What a difference a year makes: With the pandemic ostensibly becoming more manageable due to…
In May 2020, having been in a national lockdown since March 2020, nobody could have forecast how the housing market would end up a year later.
The government ordered a temporary freeze on the housing market, with no property viewings or house moves allowed. Because of this, it was predicted that there would be about a 32% cut in house sales, suggesting about 520,000 house transactions being put on hold, which would inadvertently have a huge knock on effect for the housing economy, both for buyers and sellers.
Because of the impact of the pandemic, many prospective buyers declined to proceed with purchasing a property or were forced to cancel, with the fear of a reduced income, or indeed a complete halt to their income, due to the possibility of job losses, and a very uncertain future. So this meant that there was a sudden increase of available properties on the market with a decrease in buyers. This standstill more or less stabilised house prices with very little cost difference to the year before.
Prices begin to rise.
The housing market has always been a major factor as part of an economic recovery, and in order for this to gain momentum, the government needed to get the property market moving again. So the Stamp Duty Holiday was introduced to give it a boost by helping buyers who were hit financially due to COVID. So as the first lockdown was coming to an end, the Stamp Duty Holiday would continue until September to allow those already having started the purchasing process to proceed with more confidence, and first time buyers could take advantage of the approximate £15,000 saving. This was great news for sellers, and with new COVID secure virtual property viewings now put in place, estate agents were eager to get sales going again, and with this sudden increased demand for housing again, the prices of properties also rose by as much as 5.3%.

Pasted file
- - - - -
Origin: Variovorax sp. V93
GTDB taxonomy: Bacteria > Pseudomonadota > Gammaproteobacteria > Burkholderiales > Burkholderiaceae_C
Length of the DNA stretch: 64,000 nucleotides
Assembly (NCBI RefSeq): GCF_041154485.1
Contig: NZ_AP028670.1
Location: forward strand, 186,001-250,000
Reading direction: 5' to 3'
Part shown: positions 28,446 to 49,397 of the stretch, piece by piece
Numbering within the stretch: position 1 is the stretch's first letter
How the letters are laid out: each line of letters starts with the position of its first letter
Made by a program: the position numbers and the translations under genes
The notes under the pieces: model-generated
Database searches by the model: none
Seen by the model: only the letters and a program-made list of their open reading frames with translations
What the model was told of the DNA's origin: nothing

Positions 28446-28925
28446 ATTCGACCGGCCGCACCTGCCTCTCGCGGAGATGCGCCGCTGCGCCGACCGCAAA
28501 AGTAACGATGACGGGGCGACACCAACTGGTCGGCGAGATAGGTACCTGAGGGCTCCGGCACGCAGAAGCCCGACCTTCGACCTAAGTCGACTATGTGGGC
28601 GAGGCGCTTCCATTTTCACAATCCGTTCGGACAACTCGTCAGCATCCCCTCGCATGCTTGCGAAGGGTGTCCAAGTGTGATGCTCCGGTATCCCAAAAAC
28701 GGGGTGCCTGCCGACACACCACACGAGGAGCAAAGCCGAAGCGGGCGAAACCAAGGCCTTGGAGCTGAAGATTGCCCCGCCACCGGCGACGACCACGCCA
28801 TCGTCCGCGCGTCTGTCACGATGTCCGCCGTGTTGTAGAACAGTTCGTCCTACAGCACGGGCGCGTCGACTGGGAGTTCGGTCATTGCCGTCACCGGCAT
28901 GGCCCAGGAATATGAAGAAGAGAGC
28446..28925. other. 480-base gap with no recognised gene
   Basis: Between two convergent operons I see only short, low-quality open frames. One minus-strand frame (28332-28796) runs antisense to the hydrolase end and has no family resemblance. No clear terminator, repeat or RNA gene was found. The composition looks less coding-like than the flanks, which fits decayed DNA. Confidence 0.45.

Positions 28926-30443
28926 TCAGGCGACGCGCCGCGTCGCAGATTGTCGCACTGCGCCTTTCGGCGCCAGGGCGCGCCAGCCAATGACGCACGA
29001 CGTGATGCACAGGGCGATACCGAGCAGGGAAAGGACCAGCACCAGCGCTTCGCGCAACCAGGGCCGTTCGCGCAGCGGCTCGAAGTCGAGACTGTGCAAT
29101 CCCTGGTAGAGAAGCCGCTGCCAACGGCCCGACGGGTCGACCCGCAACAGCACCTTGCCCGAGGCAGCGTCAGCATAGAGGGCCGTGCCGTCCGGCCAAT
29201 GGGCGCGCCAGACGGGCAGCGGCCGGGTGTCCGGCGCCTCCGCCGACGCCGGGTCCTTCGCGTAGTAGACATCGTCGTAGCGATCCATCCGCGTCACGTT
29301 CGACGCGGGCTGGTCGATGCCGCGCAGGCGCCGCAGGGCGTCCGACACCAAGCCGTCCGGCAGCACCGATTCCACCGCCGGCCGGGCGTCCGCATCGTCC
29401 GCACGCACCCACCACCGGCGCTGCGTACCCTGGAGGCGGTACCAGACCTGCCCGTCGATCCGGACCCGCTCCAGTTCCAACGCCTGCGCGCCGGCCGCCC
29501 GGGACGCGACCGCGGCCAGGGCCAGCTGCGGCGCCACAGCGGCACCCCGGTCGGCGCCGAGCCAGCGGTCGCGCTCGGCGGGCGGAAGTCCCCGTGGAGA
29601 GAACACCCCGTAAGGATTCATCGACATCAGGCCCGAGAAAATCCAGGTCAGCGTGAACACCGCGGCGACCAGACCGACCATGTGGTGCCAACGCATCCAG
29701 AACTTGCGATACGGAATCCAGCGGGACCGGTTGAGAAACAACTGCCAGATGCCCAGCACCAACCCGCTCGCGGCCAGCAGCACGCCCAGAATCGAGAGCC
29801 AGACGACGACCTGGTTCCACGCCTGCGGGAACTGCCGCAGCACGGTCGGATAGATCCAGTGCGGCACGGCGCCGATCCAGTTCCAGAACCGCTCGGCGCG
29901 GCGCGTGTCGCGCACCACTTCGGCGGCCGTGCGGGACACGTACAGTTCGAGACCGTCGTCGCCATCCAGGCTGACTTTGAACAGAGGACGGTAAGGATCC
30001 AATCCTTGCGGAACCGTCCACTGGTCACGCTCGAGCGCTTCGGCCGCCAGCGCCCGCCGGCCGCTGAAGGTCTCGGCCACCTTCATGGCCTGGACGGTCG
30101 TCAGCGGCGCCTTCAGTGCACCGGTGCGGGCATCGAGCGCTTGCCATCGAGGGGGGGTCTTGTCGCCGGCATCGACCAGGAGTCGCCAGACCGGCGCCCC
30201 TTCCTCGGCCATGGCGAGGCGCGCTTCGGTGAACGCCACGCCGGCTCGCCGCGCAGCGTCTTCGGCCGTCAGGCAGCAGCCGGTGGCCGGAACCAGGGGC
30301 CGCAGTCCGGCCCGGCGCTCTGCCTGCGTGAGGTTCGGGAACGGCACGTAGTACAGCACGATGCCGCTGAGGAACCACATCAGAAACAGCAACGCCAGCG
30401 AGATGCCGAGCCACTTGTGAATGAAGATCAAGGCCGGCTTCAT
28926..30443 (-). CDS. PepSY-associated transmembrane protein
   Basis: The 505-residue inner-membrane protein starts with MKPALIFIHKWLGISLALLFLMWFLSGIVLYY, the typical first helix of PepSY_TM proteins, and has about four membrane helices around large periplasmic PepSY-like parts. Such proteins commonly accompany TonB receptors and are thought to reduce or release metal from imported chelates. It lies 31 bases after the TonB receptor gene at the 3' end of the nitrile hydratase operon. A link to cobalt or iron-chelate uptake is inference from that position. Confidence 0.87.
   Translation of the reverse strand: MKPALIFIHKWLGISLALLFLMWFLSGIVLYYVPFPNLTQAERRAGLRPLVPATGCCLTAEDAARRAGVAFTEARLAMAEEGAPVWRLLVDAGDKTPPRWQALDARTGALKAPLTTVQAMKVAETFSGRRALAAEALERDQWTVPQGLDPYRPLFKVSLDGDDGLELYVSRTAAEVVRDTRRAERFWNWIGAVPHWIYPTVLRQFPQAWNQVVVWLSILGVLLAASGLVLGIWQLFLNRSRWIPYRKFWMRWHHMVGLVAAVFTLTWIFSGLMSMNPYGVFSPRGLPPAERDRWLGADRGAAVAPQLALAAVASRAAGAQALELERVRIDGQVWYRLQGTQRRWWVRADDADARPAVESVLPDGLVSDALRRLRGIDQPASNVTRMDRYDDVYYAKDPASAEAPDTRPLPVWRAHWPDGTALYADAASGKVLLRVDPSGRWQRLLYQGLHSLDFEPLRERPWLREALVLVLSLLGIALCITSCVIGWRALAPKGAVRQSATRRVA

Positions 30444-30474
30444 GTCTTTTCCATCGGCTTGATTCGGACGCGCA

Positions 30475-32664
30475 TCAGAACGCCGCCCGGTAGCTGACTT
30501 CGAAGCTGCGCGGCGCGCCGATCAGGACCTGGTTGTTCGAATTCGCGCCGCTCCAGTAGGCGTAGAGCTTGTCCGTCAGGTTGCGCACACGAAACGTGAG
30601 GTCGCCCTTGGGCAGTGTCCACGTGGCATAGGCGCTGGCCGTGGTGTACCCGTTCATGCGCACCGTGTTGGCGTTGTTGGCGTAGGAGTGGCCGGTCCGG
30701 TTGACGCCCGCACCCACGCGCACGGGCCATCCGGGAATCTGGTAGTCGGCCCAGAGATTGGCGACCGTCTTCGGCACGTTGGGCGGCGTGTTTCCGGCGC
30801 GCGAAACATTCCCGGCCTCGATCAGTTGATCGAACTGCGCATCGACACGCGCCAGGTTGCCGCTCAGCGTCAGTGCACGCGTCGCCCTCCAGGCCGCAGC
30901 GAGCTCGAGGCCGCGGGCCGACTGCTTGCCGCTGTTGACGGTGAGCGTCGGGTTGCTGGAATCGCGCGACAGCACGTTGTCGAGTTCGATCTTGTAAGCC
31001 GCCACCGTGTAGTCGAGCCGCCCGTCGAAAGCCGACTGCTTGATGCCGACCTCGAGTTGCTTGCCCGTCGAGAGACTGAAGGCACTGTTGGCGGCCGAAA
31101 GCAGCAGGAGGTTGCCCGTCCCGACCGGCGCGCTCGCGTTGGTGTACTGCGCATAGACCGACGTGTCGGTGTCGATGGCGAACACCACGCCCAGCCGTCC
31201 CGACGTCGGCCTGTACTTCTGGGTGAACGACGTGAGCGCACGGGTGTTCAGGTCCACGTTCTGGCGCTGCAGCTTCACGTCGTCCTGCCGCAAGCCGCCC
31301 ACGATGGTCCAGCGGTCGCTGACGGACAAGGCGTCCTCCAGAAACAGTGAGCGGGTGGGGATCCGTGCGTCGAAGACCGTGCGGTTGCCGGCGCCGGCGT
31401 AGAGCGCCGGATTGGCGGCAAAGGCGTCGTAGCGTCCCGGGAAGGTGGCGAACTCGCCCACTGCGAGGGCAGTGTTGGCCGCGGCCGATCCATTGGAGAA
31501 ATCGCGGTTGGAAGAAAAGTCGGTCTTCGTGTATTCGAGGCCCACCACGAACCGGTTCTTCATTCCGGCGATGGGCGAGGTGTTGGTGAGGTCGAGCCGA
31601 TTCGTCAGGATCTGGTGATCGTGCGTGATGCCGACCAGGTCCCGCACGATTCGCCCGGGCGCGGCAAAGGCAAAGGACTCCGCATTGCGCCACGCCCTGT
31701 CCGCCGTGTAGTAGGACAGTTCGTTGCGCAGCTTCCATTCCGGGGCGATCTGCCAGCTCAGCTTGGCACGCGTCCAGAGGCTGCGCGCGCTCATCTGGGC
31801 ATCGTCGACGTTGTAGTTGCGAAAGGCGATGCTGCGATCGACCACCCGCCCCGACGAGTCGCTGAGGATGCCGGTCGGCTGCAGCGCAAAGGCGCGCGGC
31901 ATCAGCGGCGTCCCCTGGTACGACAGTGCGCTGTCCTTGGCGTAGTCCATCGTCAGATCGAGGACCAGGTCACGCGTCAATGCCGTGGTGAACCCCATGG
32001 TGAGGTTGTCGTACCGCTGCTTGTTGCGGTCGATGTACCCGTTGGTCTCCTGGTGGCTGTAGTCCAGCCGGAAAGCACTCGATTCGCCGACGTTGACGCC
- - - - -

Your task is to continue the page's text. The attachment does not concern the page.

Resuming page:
Prices continue to rise.
To further push the property market forward, a Government backed 95% mortgage scheme was introduced, which certainly added a boost to an already increasing rise in property sales from the Stamp duty Holiday. This mortgage scheme would now allowed those with not much money put by to be able to afford a 5% down payment, and those wishing to up-size to be in a better financial position to do so. This scheme also increased confidence to sellers who could now afford to offer these mortgages, in the knowledge that they’d have the Governments’ support should anyone default on their payments. This encouraged yet a further demand for housing and realising this, sellers obliged by raising the value of their properties.
Prices forecast to stay on the increase.
What a year! With help and incentives from the Government, and the lockdown rules on track to be ending in June, the mood of the country is increasingly positive. The pandemic has seen many people re-evaluating where they live, and with some continuing to work from home on a permanent basis, many have made home improvements to gain extra space which has added extra value to their properties. Other people are looking for a greener space or larger accommodation, and all these reasons for a change in lifestyle and a new way of living has meant that supply cannot possibly keep up with demand. This has predestined an all-time record high for houses being sold for a higher price,(an unparalleled one in three) in the last month, with the average house now valued at around £256,405, and the prediction is that this trend will continue into the near future.